This is the case of bundling, discussed in the paper I referenced in
the previous message,
It is impossible, at least without detailed studies, to tell what
the effect of selling individual channels would have. Bundling
can have benefits for both consumers and producers (and that is
what the cable industry in the US claims applies to their case,
although all we can conclude for sure from their claims is that
they believe it has benefits to them).
Here is a simple example of bundling (something that has been known
in standard economics literature for about 30 years, although in
practice this has been done for thousands of years in various markets):
From what Marshall wrote, it appears that the 2 channels that he and
his family care about are worth at least $40 in total to him, and
everything else is useless. Suppose (and this may or may not be true)
he and his family value each of these channels, call them A and B,
at $30/month and $20/month, respectively, so in principle the cable
network could even raise their bundles' prices to a total of $50
without losing him as a subscriber.
Now suppose that the universe of users consists just of Marshall
and Mikael, except that Mikael and his family are interested in
3 channels, the two channels A and B that Marshall cares about,
and channel C, and suppose the willingness to pay for them is
$10, $5, and $25, respectively. If the cable company has to
price the channels separately (and let's exclude the ability to
price discriminate, namely charge different prices to Marshall
and Mikael, something that is generally excluded by local franchise
agreements), what will they do? They will surely ask for $30
for channel A, $20 for channel B, and $25 for channel C, and will
get $50 from Marshall and $25 from Mikael, for a total of $75.
On the other hand, if all they offer is a bundle of all 3 channels
for $40/month, both Marshall and Mikael will pay $40 each for a
total of $80/month. And note that both Marshall and Mikael will
be getting the bundle for no more (less in Marshall's case) than their
valuations of individual components. If $75/month is not enough to
pay the content providers and maintain the network at a profit, the
lack of bundling may even lead to death of the network.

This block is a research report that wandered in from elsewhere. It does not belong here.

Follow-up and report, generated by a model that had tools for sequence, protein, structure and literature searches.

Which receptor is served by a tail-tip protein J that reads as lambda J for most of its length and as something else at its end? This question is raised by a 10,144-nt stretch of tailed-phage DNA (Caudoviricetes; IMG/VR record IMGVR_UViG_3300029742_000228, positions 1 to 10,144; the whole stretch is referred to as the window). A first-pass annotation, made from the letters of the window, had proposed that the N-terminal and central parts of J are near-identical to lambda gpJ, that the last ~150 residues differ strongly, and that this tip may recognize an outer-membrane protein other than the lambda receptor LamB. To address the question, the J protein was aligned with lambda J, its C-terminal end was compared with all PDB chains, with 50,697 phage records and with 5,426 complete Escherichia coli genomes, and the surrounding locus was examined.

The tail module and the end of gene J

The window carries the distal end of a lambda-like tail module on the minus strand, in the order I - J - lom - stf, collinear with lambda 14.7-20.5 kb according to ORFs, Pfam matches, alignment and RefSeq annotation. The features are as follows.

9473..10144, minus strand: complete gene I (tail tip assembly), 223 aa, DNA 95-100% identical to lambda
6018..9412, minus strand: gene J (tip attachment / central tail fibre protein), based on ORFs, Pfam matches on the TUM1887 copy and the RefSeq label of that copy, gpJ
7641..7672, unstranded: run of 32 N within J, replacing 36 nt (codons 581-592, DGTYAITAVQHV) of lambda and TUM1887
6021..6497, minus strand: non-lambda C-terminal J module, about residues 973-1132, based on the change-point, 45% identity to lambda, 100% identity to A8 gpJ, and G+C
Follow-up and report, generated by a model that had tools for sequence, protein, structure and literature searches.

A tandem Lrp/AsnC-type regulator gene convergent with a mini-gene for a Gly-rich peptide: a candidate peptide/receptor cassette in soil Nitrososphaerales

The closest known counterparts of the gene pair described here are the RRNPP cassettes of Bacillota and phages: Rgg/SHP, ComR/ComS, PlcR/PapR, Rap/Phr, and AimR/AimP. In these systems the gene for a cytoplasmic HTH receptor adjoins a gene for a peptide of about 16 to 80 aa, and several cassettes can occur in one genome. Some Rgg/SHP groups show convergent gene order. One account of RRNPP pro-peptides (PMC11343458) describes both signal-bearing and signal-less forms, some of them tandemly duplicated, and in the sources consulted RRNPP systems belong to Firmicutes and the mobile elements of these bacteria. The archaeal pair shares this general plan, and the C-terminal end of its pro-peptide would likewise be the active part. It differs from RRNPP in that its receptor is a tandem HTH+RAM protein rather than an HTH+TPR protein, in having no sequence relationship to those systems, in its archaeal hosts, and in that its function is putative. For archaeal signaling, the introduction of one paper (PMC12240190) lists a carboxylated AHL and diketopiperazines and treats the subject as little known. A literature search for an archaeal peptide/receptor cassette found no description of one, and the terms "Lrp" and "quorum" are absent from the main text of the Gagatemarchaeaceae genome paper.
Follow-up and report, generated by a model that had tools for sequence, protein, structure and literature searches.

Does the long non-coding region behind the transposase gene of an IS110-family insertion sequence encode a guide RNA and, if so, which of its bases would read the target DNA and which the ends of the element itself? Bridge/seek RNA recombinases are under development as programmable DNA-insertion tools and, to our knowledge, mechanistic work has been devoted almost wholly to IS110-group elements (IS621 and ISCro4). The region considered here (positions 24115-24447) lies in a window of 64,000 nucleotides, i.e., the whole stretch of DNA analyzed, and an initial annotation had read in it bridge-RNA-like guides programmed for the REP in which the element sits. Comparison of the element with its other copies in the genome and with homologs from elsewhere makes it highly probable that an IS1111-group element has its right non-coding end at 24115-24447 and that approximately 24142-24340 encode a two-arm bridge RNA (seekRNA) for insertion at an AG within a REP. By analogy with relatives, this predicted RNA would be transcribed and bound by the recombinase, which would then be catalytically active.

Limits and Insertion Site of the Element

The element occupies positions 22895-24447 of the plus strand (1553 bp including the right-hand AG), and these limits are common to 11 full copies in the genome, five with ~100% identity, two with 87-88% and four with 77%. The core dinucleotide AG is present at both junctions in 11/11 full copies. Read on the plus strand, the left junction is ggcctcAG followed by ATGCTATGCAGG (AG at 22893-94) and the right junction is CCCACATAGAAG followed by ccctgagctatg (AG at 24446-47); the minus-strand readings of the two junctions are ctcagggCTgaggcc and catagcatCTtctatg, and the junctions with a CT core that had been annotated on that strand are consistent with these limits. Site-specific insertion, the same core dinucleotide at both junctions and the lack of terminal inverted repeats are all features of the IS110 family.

P.S. And don't forget that having channels is already a form of
bundling, as are newspapers, ...
>> A technical issue that I have to deal with is that you get a 30
>> minute show (actually 24 minutes of content) as 30 minutes, _with
>> the ads slots included_. To show it without ads, you actually have
>> to take the show into a video editor and remove the ad slots,
>> which costs video editor time, which is expensive.
> Well, in this case you'd hopefully get the show directly from
> whoever is producing it without ads in the first place, basically
> the same content you might see if you buy the show on DVD.
I do get it from the producer; that is what they produce. (And the
video editor time referred to is people time, not machine time, which
>> In the USA at least, the cable companies make you pay for
>> "bundles" to get channels you want. I have to pay for 3 bundles to
>> get 2 channels we actually want to watch. (One of these bundle is
>> apparently only sold if you are already getting another, which we
>> don't actually care about.) So, it actually costs us $ 40 + /
>> month to get the two channels we want (plus a bunch we don't.) So,
>> it occurs to me that there is a business selling solo channels on
>> the Internet, as is, with the ads, for order $ 5 - $ 10 per
>> subscriber per month, which should leave a substantial profit
>> after the payments to the networks and bandwidth costs.
> There is zero problem for the cable companies to immediately
> compete with you by offering the same thing, as soon as there is
> competition. Since their channel is the most established, my guess
> is that you would have a hard time succeeding where they already
> have a footprint and established customers.
Yes, and that has the potential of immediately reducing their income
by a factor of 2 or more.
I suspect that they would compete at first by putting pressure on the
channel aggregators not to sell to such businesses. (note : this is
NOT a business I am pursuing at present.)
What I do conclude from this is that the oncoming wave of IPTV and
Internet Television is going to be very disruptive.
> Where you could do well with your proposal, is where there is no
> cable TV available at all.